• As previously covered on this blog, the United States Department of Agriculture (USDA) Agricultural Marketing Service (AMS) implements the National Bioengineered Food Disclosure Standard (the Standard). On January 1, 2022, which is the mandatory compliance date for the rule, regulated entities must disclose whether food offered for retail sale is bioengineered (BE) or uses BE food ingredients. The regulatory definition of “bioengineered food” excludes foods where modified genetic material is not detectable and USDA’s regulations discuss “detectability” at 7 CFR 66.9. In the issuing the final rule, USDA AMS indicated it would provide further instructions on two of the provisions by which a regulated entity can determine that modified genetic material is not detectable: (1) acceptable testing methodology and (2) validating a refining process. As we reported, USDA AMS released draft instructions for validation of refining processes on December 17, 2019. Today, USDA AMS released for comment its draft instructions regarding acceptable testing methodology.
  • The draft instructions for acceptable testing methodology describe factors to consider when selecting a test method that is fit for the purpose of demonstrating that a food does not contain detectable modified genetic material. The draft instructions state that entities should use validated methods accepted by international bodies (e.g., International Organization for Standardization (ISO) and Codex Alimentarius Commission (Codex)) and/or validate their own methods. The following international standards are referenced: ISO 24276 Foodstuffs -Methods of analysis for detection of genetically modified organisms and derived products- General requirements and definitions, ISO 21571 Nucleic Acid Extraction, ISO 21569 Qualitative Nucleic Acid Analysis, ISO 21570 Quantitative Nucleic Acid Analysis, and Codex document CAC/GL 74-2010 Guidelines on Performance Criteria and Validation of Methods for Detection, Identification and Quantification of Specific DNA Sequences and Specific Proteins in Foods. Additionally, the instructions address DNA-based methods (e.g., polymerase chain reaction (PCR) methods both qualitative and quantitative are noted as being “acceptable”), emerging technologies, and other methods, as well as general considerations in selecting a laboratory and record keeping requirements.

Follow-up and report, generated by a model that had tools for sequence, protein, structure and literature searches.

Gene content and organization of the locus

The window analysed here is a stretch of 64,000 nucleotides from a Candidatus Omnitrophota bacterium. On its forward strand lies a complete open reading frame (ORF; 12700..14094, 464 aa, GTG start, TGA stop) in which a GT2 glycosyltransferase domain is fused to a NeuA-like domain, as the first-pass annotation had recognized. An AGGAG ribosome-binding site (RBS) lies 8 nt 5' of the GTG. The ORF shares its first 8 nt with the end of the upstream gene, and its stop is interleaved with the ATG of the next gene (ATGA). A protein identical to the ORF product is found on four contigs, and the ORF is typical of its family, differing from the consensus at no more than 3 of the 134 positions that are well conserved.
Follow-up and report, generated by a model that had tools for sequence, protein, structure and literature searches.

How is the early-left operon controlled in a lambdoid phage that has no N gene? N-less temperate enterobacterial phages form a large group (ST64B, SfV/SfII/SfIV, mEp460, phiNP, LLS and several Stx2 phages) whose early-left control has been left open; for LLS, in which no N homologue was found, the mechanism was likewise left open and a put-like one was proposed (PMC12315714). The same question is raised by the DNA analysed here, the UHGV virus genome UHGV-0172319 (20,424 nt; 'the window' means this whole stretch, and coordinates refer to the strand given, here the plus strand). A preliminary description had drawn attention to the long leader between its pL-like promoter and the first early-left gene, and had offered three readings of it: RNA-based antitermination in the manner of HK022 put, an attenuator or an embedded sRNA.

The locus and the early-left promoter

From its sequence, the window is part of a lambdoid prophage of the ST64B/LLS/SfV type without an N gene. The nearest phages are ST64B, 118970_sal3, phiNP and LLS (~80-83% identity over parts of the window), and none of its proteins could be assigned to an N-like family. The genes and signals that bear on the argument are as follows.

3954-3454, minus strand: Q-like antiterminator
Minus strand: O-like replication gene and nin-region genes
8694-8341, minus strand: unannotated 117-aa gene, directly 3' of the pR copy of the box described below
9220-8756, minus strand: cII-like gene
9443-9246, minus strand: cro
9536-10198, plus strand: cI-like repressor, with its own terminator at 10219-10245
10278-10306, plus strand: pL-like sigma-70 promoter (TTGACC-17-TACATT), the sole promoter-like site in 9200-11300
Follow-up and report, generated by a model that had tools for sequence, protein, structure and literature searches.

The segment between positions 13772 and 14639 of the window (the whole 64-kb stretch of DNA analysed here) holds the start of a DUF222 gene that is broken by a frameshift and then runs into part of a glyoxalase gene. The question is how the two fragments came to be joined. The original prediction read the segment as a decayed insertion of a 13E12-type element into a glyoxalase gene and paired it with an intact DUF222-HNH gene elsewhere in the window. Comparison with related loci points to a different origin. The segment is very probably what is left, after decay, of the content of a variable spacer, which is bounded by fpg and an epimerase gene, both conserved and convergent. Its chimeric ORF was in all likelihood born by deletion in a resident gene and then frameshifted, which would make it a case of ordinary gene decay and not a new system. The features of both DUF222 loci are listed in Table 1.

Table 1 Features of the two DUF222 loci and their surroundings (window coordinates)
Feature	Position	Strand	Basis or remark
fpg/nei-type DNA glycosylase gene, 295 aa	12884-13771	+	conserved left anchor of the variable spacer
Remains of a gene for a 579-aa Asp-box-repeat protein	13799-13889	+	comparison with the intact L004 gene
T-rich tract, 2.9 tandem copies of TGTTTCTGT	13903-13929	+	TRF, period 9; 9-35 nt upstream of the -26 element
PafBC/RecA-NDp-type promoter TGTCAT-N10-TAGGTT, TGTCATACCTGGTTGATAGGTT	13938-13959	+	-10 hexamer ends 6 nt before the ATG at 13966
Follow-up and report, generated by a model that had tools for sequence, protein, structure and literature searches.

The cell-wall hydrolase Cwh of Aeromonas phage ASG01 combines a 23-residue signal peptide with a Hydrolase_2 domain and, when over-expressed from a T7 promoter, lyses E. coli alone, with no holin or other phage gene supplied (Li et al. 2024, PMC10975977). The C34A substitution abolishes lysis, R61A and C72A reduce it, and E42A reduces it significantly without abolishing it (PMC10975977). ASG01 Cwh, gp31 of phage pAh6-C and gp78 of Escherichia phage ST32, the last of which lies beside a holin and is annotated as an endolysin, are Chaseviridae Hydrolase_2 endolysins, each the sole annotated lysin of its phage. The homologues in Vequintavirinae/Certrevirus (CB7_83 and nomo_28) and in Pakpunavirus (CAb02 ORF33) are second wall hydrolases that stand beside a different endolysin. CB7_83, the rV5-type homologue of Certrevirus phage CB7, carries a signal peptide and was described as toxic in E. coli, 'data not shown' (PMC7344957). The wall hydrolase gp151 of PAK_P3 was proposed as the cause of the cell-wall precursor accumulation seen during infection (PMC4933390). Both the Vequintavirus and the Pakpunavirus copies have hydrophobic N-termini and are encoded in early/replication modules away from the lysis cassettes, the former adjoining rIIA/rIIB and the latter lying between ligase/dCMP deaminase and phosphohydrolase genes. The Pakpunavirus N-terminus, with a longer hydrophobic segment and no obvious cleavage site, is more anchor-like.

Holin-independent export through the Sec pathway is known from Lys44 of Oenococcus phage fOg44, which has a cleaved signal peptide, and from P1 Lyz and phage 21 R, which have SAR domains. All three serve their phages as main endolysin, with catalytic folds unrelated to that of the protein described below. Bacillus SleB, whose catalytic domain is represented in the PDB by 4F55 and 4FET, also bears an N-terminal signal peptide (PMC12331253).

• Comments on the new draft instructions are due by March 4, 2020. After USDA reviews the comments received they will publish final instructions on testing methods on their website. Keller and Heckman has the legal and scientific expertise to assist you as you implement your validated testing methods for your refining processes. We will continue to monitor and report on developments that impact BE labeling.